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Russell Crowe returns to ‘medieval’ Scottish roots

HE made his name playing period roles such as Robin Hood and gladiator Maximus but yesterday Hollywood actor Russell Crowe evoked the spirit of a Scots clan chief as he climbed to the summit of a medieval fortified village to pose for pictures and revealed his Scots lineage.

Standing atop the mound of the Duncarron village and gazing down the Carron Valley, the New-Zealand born actor appeared pleased with all he surveyed, admitting the surrounding sheep-filled fields reminded him of his birthplace.

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Dressed casually, he told The Herald: "I’m glad to be here. It’s a beautiful place, gorgeous countryside. Because I have a farm, I always look at the farmland and I’m just incredibly jealous of the grass you have here. I’m sure my Angus cattle at home would be much happier if they got to eat this grass." The Oscar-winning actor made a special visit to Scotland to see the replica medieval village which is being painstakingly constructed by the Clanranald Trust for Scotland after hearing about it from chief executive Charlie Allen. The pair met during the filming of Gladiator when Crowe quizzed Allen about the Harley Davison T-shirt he was wearing and they discovered a mutual love of motorbikes and have been good friends since. In what was a relaxed low-key visit, Crowe chatted with volunteers before making the short hike to the village site which is enclosed by a palisade made from 4200 larchwood logs. The village, which opens to the public next summer but holds an open weekend on July 16 and 17, will be both a visitor attraction and an education centre. "I think the most important aspect of this though is the educational aspect of it," said Crowe, who has two young sons. "Bringing kids into an environment where they are actually standing in living history [means] they get to see something as it really was, as opposed to a photograph of something behind a glass display cabinet." Props will include the battering ram which featured in the film Robin Hood, which Crowe arranged to be donated to the project and is currently stored at a secret location nearby. The final plans also include two 50-metre long-houses and two gatehouses, and the village will be brought to life with costumed cooks and blacksmiths and other artisans. Mr Allen, who runs Combat International which provides actors for period productions, plans to stage fight re-enactments at the site. "When the kids come in along the path they’ll have men with swords yelling things at them. Can you imagine being 10 years old? Whoa, that’s gonna be exciting," added Crowe. The visit is particularly special as Crowe has only recently had his Scottish heritage confirmed. He had always believed his mother’s family --whose surname is Wemyss -- had Scottish roots but as a Christmas present last year, Mr Allen hired a genealogist who was able to confirm this by tracing back several generations to the east coast of Scotland. "I’ve always been proud of my Scottish ancestry," said Crowe. Mr Allen said he was delighted his friend had made the journey to Duncarron. "It’s a proud day. Russell is so busy, he does so much and for him to take the time out to come and visit, you couldn’t ask for better. We really appreciate it." Once open, Mr Allen hopes the replica village will be used by community and theatre groups as well as professional film production companies. "We’ve had interest from a few production companies in the UK and the role-play groups are also interested in using it as a location for one of their events." Asked if he would be interesting in being involved in any film projects at the site, Crowe said: "This fort, which I’ve been hearing about for years and seen photographs of as it’s built up, is just ready-made [for film]. You just have to find the story to tell.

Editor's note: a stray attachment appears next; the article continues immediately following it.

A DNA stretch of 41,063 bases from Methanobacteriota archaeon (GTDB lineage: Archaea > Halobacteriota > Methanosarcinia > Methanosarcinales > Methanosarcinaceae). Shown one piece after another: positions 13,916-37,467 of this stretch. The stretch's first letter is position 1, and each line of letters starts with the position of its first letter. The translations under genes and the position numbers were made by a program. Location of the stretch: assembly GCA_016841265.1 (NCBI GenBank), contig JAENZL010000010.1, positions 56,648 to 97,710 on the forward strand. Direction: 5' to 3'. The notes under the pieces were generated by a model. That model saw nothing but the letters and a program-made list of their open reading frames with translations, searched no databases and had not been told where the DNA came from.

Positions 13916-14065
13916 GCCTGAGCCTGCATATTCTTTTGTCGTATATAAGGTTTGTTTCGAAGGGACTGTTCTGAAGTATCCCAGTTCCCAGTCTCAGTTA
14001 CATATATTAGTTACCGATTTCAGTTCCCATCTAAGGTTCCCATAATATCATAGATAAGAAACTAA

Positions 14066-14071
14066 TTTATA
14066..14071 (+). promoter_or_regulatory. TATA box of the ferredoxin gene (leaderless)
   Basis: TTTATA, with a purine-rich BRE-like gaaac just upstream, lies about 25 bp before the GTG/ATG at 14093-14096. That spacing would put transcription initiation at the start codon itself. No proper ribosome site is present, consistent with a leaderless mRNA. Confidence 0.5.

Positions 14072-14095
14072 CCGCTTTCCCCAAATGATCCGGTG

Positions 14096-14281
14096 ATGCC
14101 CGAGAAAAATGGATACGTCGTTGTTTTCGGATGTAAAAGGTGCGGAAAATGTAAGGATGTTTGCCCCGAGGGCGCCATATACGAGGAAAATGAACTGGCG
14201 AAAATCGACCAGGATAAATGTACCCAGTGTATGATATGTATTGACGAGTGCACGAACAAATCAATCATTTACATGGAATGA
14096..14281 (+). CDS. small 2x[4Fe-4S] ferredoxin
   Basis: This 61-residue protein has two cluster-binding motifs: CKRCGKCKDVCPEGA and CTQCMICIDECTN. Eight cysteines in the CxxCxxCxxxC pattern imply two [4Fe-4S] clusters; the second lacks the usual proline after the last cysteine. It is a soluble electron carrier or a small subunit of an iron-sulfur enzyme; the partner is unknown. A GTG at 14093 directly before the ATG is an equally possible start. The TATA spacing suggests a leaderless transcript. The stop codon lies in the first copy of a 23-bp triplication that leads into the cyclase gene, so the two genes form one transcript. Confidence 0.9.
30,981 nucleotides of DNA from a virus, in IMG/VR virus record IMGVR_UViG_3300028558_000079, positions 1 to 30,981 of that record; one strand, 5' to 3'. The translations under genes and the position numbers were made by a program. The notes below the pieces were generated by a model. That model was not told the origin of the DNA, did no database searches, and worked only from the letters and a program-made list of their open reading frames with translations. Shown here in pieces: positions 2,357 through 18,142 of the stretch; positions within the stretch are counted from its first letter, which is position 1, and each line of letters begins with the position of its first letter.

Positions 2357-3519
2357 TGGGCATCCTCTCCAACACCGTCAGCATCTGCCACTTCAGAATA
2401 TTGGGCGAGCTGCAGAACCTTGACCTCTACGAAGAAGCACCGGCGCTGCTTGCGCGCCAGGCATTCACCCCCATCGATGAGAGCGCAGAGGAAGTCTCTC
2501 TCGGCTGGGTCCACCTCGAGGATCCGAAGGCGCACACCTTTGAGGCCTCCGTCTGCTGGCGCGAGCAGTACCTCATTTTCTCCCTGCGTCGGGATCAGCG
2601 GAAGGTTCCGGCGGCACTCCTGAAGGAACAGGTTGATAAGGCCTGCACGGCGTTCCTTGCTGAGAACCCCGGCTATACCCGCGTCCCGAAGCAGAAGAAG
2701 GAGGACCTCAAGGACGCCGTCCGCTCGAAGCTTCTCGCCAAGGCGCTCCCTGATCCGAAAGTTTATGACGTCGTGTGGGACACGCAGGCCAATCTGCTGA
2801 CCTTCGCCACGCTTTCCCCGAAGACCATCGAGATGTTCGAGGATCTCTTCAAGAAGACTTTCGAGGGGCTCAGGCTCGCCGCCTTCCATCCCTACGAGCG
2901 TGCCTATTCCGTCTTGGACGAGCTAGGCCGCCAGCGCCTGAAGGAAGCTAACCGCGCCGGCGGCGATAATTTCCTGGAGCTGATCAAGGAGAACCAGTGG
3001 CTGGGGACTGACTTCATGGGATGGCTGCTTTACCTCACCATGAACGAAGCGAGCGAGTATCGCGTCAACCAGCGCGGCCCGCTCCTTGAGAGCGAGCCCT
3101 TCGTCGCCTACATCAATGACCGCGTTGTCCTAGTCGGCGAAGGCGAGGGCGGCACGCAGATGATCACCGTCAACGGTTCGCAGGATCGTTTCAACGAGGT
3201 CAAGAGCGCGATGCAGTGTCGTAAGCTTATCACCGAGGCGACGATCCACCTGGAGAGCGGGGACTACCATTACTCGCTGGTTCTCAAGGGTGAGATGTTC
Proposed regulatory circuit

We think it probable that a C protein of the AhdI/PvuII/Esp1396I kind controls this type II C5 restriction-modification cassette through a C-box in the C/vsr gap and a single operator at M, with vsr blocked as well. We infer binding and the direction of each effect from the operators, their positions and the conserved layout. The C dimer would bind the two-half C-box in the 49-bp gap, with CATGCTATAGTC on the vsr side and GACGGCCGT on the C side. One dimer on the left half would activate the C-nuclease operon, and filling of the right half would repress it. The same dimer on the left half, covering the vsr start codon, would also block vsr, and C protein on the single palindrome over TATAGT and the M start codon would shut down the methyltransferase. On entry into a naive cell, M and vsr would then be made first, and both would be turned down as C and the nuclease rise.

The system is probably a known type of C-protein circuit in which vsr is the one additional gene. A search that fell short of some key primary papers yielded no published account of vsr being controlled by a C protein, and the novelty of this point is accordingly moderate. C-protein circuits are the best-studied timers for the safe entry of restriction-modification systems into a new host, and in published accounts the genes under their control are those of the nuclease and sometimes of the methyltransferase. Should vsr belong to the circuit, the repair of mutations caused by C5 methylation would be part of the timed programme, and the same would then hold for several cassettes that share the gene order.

"I’ve sort-of outlined to him a couple of ideas which have come to my mind already, since I’ve been here. It’s an impressive place and I’ve got a visual imagination so when he tells me what is going to go in various places I can see it.

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